Batman and Robin Vol. 1: Born to Kill
Collection: Batman and Robin #1-8 © 2011-2012
Publisher: DC Comics © 2012
Writer: Peter J. Tomasi
Pencils: Patrick Gleason
Inks: Mick Gray and Guy Major
Colors: John Kalisz
Letters: Patrick Brosseau
Cover: Patrick Gleason, Mick Gray, John Kalisz
The artwork of Batman and Robin Vol. 1: Born to Kill by Patrick Gleason was pretty good. He has grown a lot since his Green Lantern days and it is evident in his work. Gleason’s characters, faces included, are good and solid. Gleason has a knack for doing a lot with very little. Gleason does this by showing the shadow of an object, not the object itself. It’s a great effect. Though there is an abundance of over-shadowed panels where characters are virtually reduced to a silhouette during action sequences.
Gleason’s work on Batman and Robin Vol. 1: Born to Kill is both aided and hindered by inkers Guy Major and Mick Gray. During the heavily-lighted panels the inks were good and a benefit to the art. But in some other places this, over-shadowing, is done to extreme. In a couple panels the character, NoBody, all but disappears in some panels save for his six little red eyes. This shadowing technique isn’t always bad. But I personally did not like this effect when utilized during a fight or other action sequence. I want to see it all. But, that’s just me.
The coloring by John Kalisz was spectacular. Kalisz’ use of lighting and dimensional-coloring through color variations is top shelf work all the way through. Kalisz is a little bit artsy, but not in a bad way at all. He seems to like to sprinkle a little artistic-flare throughout the book to convey emotion. The lettering by Brosseau was good as well. He uses a nice, consistent font of good, easily-readable letters.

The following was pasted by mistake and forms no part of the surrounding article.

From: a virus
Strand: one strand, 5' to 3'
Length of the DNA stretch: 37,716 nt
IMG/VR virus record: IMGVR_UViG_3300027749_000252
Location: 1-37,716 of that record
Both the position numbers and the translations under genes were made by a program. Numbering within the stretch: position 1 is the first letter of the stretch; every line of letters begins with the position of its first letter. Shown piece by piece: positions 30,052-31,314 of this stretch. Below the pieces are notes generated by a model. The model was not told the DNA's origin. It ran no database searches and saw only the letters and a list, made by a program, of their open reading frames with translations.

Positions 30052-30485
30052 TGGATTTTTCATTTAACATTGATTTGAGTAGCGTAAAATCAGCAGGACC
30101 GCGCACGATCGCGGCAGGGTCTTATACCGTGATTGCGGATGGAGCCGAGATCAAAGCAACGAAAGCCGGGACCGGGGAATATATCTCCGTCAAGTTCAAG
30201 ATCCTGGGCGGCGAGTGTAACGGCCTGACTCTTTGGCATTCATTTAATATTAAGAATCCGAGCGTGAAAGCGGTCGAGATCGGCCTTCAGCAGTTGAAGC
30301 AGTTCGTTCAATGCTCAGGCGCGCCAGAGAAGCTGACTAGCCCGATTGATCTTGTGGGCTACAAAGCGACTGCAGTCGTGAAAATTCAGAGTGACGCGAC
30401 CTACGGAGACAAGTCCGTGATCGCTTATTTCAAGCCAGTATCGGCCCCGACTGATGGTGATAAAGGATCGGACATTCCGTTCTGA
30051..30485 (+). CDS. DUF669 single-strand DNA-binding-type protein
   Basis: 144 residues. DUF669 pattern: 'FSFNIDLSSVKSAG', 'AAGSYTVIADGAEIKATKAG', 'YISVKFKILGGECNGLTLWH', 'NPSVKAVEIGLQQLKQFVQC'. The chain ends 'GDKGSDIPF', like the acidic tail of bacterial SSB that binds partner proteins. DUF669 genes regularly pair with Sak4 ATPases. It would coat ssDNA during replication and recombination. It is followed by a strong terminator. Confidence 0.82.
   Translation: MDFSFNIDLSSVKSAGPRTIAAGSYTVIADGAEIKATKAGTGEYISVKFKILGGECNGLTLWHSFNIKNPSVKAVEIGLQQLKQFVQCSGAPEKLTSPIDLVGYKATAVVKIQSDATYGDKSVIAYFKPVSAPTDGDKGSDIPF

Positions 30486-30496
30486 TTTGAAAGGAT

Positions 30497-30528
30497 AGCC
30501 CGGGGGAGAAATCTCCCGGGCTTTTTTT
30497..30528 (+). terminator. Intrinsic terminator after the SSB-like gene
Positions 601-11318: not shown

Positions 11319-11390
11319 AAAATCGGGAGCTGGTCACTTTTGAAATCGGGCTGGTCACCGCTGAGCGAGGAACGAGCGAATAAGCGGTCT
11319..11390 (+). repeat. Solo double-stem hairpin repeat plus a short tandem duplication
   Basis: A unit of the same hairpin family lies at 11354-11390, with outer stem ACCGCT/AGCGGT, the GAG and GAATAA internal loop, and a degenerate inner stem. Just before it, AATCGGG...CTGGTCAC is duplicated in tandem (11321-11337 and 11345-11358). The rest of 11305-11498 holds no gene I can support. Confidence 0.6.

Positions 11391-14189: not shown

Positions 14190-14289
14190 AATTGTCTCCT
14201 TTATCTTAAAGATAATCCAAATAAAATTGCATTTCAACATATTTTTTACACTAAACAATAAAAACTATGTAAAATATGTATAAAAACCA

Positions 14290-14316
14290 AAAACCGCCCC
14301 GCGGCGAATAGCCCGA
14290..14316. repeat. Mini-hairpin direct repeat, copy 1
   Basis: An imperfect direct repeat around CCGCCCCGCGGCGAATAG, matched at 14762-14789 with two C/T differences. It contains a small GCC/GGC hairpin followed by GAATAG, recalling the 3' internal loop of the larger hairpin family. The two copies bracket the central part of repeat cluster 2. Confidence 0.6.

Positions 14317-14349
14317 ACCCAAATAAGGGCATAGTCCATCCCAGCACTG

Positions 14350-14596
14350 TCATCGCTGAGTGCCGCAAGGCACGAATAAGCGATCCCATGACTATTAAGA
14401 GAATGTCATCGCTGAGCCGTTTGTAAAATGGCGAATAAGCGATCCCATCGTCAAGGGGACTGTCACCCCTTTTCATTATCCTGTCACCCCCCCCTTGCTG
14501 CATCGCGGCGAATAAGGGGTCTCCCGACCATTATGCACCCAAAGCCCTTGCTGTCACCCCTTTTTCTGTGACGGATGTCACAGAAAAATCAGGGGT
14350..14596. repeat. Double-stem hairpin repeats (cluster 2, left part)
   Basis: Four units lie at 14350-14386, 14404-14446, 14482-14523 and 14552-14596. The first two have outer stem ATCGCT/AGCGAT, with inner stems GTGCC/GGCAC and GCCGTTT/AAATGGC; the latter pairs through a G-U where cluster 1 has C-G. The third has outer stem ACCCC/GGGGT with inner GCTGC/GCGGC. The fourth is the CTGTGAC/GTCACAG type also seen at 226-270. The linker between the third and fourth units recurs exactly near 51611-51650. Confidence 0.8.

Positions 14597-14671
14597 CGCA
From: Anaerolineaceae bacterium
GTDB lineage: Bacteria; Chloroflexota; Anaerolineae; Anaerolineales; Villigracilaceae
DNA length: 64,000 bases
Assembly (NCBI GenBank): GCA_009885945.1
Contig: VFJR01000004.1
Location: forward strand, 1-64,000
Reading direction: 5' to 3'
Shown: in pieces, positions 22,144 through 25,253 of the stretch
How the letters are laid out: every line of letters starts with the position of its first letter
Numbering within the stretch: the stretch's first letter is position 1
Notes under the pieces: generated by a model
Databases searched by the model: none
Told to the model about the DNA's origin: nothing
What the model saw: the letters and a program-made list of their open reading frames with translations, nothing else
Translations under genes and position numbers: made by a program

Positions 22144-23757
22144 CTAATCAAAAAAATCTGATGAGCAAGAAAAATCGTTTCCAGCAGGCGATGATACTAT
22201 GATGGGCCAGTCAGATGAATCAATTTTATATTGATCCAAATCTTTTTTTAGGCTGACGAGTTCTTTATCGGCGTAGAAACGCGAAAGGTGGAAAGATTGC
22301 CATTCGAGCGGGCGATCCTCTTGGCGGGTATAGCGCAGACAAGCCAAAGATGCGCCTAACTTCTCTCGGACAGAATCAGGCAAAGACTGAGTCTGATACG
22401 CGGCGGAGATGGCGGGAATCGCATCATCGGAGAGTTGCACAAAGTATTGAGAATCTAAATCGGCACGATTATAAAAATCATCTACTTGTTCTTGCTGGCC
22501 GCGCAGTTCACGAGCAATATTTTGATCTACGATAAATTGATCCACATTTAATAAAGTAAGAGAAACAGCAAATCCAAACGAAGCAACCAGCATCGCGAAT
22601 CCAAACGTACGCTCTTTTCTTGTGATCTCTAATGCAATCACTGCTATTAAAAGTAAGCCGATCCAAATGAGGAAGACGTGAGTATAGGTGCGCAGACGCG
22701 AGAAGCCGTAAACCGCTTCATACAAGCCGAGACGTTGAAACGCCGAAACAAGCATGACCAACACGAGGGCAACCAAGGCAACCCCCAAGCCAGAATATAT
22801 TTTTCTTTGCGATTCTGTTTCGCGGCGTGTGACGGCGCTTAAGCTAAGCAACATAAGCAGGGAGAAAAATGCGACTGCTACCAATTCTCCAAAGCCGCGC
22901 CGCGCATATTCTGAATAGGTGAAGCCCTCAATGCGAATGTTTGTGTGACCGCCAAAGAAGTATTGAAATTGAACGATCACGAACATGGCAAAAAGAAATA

The story Batman and Robin Vol. 1: Born to Kill by Peter J. Tomasi is brilliant. I love his study into who Damian Wayne is in the depths of his soul. I’ve never read a more flushed-out version of Damian Wayne. Tomasi really explores what it would be like to both be Damian Wayne and what it is to be his father. I loved Tomasi’s NoBody character. His dynamic with Damian is priceless. Great dialogue, character interactions and pacing – as is to be expected from a writer of Tomasi’s calibre.
Batman and Robin Vol. 1: Born to Kill finds a father and son, partners on the streets, Batman and Robin at odds with one another over Damian’s overly-violent tendencies. This coincides with the arrival of a skilled and lethal man from Bruce’s past. A self-appointed judge and executioner who works in the shadows. The murderous NoBody has come to Gotham to take down Batman. But first, he’s going to convince Damian to give into his dark side and take from Bruce what he cares about most: his son.
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